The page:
S. Ct. 1602 (1966), which went much further than Negri and held that the requirements for admissibility set forth in Negri were now clearly the law. This included all the warnings and the offer of counsel without request.
However, the further word from the Supreme Court of the United States that the Pennsylvania Supreme Court indicated in Negri, it was awaiting, was spoken on June 20, 1966, one week after Miranda v. Arizona, supra, in Johnson v. New Jersey, 384 U.S. 719, 16 L. ed. 2d 882, 86 S. Ct. 1772, June 20, 1966. This case held that Escobedo applied only to cases that began subsequent to June 13, 1966 and was not retrospective. Based on this opinion the New Jersey appeal from the Third Circuit Court of Appeals decision in U. S. ex rel. Russo v. New Jersey, supra, prevailed. The writ of certiorari was granted, the judgment vacated and the case remanded for further proceedings in the light of Johnson v. New Jersey, supra. New Jersey v. Russo, 384 U.S. 889, 16 L. ed. 2d 995, 86 S. Ct. 1914 (1966). Chief Justice Warren, who it should be noted wrote the majority opinions in Miranda v. Arizona, supra, and Johnson v. New Jersey, supra, said at page 733:
"Apart from its broad implications, the precise holding of Escobedo was that statements elicited by the police during an interrogation may not be used against the accused at a criminal trial, '(where) the investigation is no longer a general inquiry into an unsolved crime but has begun to focus on a particular suspect, the suspect has been taken into police custody, the police carry out a process of interrogations that lends itself to eliciting incriminating statements, the suspect has requested and been denied an opportunity to consult with his lawyer, and the police have not effectively warned him of his absolute constitutional right to remain silent . . .' 378 U.S., at 490-491, 12 L. ed. 2d 986.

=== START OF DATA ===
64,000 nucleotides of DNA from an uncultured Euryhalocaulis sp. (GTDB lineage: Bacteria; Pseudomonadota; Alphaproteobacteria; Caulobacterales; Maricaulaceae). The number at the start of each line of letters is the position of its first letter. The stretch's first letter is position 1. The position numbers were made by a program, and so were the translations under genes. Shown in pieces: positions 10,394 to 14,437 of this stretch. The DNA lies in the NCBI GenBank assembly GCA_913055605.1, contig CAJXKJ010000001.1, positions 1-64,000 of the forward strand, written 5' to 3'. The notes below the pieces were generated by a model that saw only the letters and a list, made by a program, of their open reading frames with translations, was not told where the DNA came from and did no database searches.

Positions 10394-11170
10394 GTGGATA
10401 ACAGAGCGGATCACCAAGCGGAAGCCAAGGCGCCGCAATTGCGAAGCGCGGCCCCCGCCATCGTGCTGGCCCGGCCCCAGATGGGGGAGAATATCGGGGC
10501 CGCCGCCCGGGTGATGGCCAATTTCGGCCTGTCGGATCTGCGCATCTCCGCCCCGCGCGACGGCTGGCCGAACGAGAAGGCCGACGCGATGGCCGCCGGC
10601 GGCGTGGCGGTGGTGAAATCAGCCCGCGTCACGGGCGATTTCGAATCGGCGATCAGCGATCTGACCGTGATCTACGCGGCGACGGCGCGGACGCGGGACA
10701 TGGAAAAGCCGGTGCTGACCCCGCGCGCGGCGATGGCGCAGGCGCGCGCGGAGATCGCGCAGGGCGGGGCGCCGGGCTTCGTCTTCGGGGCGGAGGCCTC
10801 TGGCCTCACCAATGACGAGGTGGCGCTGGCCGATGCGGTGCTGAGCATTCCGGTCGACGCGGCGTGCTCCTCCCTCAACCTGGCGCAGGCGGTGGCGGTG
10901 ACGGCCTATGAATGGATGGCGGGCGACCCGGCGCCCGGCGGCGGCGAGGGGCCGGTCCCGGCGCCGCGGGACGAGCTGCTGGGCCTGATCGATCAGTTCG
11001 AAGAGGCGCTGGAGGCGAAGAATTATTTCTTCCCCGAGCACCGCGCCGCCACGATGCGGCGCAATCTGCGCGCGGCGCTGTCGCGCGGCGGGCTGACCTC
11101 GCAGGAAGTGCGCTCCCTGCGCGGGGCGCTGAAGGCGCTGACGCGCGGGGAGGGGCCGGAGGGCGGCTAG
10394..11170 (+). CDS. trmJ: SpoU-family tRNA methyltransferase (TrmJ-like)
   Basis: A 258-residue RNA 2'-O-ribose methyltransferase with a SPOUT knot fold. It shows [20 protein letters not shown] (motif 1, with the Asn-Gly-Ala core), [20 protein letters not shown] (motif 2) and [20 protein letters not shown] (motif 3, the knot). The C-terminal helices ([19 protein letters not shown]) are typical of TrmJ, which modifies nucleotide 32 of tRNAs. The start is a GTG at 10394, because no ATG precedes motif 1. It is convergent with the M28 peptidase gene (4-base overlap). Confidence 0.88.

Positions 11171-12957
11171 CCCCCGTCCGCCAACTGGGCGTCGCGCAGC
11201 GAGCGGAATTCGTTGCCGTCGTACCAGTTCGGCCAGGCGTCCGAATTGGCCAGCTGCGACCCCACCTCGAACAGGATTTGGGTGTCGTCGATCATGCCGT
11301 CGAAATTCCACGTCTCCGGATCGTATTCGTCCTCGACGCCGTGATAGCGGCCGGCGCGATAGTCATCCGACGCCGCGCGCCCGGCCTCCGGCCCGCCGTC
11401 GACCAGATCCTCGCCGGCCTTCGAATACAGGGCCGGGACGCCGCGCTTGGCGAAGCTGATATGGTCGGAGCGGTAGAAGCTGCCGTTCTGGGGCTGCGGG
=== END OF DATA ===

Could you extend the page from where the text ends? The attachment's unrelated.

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"Because Escobedo is to be applied prospectively, this holding is available only to persons whose trials began after June 22, 1964, the date on which Escobedo was decided.
"As for the standards laid down one week ago in Miranda, if we were persuaded that they had been fully anticipated by the holding in Escobedo, we would measure their prospectivity from the same date. Defendants still to be tried at that time would be entitled to strict observance of constitutional doctrines already clearly foreshadowed. The disagreements among other courts concerning the implications of Escobedo, however, have impelled us to lay down additional guidelines for situations not presented by that case. This we have done in Miranda, and these guidelines are therefore available only to persons whose trials had not begun as of June 13, 1966. See Tehan v. Shott, 382 U.S., at 409, 15 L. ed. 2d at 455, note 3, with reference to Malloy v. Hogan, 378 U.S. 1, 12 L. ed. 2d 653, 84 S. Ct. 1489 (1964), and Griffin v. California, supra."
The line drawn by Negri of retrospectivity to be applied to those cases not final at the time of Escobedo was a different line than drawn in Johnson v. New Jersey, supra, where the line was drawn to be applicable only to cases that began subsequent to Escobedo. This being now the law Escobedo did not apply to Negri because that case began prior to the decision. For the same reason Escobedo did not apply to the instant case.